Teasing, gold-digging chorus girls and dressing rooms were also featured in the Warner Bros.' musicals Gold Diggers of 1933 (1933) and 42nd Street (1933). [Errol Flynn's frequent sexual notoriety and exploits with women led to the coining of the phrase: "In like Flynn."]

Tough, free-loving, ruthless and sinful women, self-reliant and sex-enjoying ingenues, and other adventurous vamps were on display in mainstream, adult-oriented, early 30s Hollywood films that frankly portrayed uninhibited sex, women with babies out of wedlock, and excessive violence. Many of the film's titillating titles hinted at unmentionable film content and taunted the censors:

  • Female - 1933Call Her Savage (1932) - with Clara Bow as a tempestuous, rebellious, free-spirited, impoverished, and brawling Texas girl named Nasa "Dynamite" Springer driven to soliciting for male escorts
  • Hot Saturday (1932) - a daring film with Nancy Carroll as a small-town resident given a bad name by gossip (this was Cary Grant's first film as a leading man)
  • Female (1933), director Michael Curtiz' lusty comedy with Ruth Chatterton as the sexually-dominant, predatory, libidinous and hard-nosed president of a large automobile manufacturing company in sexual pursuit of her male employees
  • Ex-Lady (1933), a sex comedy with Bette Davis in an early role as an independent woman who didn't believe in marriage
  • Ladies They Talk About (1933) - an early 'women in prison' film, with Barbara Stanwyck as an imprisoned bank-robber, with a love-hate relationship for the radio evangelist who turned her in

Dance Fools Dance - 1931Actress Barbara Stanwyck starred in a number of pre-Code films that produced a furor, and helped to speed the end of sexual freedom, although much of the sexuality was implied and muted. The films included the naughty Night Nurse (1931) with Joan Blondell and Stanwyck as nursing school trainees often undressing and appearing in their lingerie, and Warner Bros.' risque Baby Face (1933) with physically attractive Stanwyck seductively and sexually aggressive in using men for her ascent within the New York City banking world.

The Production Code had difficulties with a liberated Joan Crawford in her underwear in Dance, Fools, Dance (1931) (the first of eight films pairing Crawford with Clark Gable), and Gloria Swanson in Prodigal Daughters (1923) as a sexy, modern woman. The beautiful and bewitching Garbo provided great sex appeal and numerous love scenes in The Mysterious Lady (1928), and Kay Francis starred as a woman employed in an 'escort service' in George Cukor's early sassy Girls About Town (1931). Roy Del Ruth's workplace drama Employees' Entrance (1933) was both audacious and racy with its story of a high-powered, overly-ambitious and fanatical department store executive (Warren William) and a young Loretta Young as the sexually-harassed wife of one of his subjugated employees.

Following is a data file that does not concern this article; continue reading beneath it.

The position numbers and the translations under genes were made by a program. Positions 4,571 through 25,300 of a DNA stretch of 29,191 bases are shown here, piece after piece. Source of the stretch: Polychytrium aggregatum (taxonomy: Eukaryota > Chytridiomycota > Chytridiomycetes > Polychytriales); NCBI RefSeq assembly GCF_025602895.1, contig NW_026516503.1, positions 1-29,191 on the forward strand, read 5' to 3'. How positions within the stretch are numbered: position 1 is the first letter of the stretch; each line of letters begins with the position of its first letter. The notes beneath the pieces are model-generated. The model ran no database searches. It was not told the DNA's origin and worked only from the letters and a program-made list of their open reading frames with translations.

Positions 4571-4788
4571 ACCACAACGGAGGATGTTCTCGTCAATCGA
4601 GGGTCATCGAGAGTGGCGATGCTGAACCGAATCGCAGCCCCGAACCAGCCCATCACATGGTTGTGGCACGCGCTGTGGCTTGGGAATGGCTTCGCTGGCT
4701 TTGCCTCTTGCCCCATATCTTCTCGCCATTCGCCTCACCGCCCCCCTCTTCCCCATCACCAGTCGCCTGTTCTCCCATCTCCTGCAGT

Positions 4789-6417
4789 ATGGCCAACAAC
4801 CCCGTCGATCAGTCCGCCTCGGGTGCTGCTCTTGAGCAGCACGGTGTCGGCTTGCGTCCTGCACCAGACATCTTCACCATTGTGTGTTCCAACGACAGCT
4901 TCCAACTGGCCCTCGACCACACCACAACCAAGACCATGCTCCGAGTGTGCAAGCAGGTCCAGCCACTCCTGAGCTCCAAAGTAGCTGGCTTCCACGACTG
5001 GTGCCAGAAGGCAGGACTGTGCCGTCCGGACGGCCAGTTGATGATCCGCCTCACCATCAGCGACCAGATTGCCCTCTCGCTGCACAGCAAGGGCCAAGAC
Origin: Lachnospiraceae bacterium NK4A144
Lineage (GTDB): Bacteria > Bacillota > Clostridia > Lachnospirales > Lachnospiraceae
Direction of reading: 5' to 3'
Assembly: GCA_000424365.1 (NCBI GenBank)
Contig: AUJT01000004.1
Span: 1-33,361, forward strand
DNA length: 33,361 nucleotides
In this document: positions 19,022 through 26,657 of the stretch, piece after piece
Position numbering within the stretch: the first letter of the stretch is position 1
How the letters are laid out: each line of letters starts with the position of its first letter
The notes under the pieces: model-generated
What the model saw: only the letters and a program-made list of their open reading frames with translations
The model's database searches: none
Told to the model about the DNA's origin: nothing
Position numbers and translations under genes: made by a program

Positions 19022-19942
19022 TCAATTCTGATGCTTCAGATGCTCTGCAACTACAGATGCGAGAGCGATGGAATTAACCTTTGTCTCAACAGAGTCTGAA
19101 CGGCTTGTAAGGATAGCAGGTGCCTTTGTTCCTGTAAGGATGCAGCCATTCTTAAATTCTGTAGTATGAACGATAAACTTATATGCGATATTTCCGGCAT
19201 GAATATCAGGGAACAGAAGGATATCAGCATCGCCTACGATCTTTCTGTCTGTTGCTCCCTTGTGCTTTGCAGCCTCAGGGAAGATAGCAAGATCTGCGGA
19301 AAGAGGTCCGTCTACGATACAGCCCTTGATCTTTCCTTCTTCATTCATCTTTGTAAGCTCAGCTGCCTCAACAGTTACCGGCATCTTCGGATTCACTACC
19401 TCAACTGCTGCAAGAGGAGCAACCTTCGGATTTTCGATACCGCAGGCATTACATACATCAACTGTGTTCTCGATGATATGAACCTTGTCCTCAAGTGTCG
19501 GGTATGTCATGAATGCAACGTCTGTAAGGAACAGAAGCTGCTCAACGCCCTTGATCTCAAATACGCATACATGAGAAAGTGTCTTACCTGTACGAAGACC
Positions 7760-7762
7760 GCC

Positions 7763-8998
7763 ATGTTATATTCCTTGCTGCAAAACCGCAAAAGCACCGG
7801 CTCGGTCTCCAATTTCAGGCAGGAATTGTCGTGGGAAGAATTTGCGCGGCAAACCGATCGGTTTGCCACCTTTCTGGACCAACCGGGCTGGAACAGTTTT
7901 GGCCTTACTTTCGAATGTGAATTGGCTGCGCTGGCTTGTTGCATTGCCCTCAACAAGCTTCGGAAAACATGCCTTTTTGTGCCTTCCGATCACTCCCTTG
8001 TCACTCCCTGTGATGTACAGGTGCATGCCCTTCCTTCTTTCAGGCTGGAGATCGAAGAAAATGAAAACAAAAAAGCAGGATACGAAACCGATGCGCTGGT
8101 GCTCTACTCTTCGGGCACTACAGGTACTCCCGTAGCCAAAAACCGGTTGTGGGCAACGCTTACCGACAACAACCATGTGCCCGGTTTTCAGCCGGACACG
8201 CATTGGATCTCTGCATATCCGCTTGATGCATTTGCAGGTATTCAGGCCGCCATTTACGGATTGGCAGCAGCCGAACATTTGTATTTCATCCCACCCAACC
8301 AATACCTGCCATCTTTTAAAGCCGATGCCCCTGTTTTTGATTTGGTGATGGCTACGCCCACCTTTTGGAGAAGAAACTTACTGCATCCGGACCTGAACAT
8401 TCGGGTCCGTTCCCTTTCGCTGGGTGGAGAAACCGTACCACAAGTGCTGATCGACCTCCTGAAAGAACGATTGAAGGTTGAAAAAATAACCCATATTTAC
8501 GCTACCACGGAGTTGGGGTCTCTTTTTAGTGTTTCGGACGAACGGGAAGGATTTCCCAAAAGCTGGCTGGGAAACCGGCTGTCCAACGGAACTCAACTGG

Early Films Featuring Prostitutes:

Susan Lenox (Her Fall and Rise) - 1931Early films featuring tales of fallen women or working girl prostitutes included Biograph's silent The Girl Who Went Astray (1900), the melodramatic Traffic in Souls (1913) (see above), and Sadie Thompson (1928) (based upon W. Somerset Maugham's forbidden play Rain - with a changed title) with Gloria Swanson as the Pago Pago tramp. Also, there were two films with Greta Garbo: Anna Christie (1930), and Susan Lenox (Her Fall and Rise) (1931) - Garbo's fourth talking picture and the first Hollywood talkie to portray a fallen woman/prostitute (or 'cooch dancer at a carnival').

The title of D. W. Griffith's part-talkie Lady of the Pavements (1929), his last silent film, was Hollywood's way of referring to a prostitute streetwalker. In this transitional talkie film, Lupe Velez (later famous as "the Mexican Spitfire") took the role of a cabaret singer/prostitute who was dressed in glamorous gowns and passed off as a noblewoman to fool Prussian Count Karl von Arnim (William Boyd, the future Hopalong Cassidy).

There were others with similar themes: Rain (1932) (a remake of Sadie Thompson, but now with its original title) with Joan Crawford as a "lost woman" on a tropical Pago Pago island, Waterloo Bridge (1931 and 1940) with Mae Clarke and Vivien Leigh respectively as a dancer who resorts to prostitution. And one of the earliest roles of Katharine Hepburn found her as a transvestite, masquerading as a man named Sylvester Scarlett - with obvious gender confusion in Sylvia Scarlett (1935).

The Hastening of the Code:

It is generally believed that certain offensive pre-Code films caused the hastening of the Hays Code in the late 20s through the mid-30s with their challenges to the morals and manners of the times. Many films presented women using their sexuality to get ahead, or depicted the 20s sexual revolution too openly: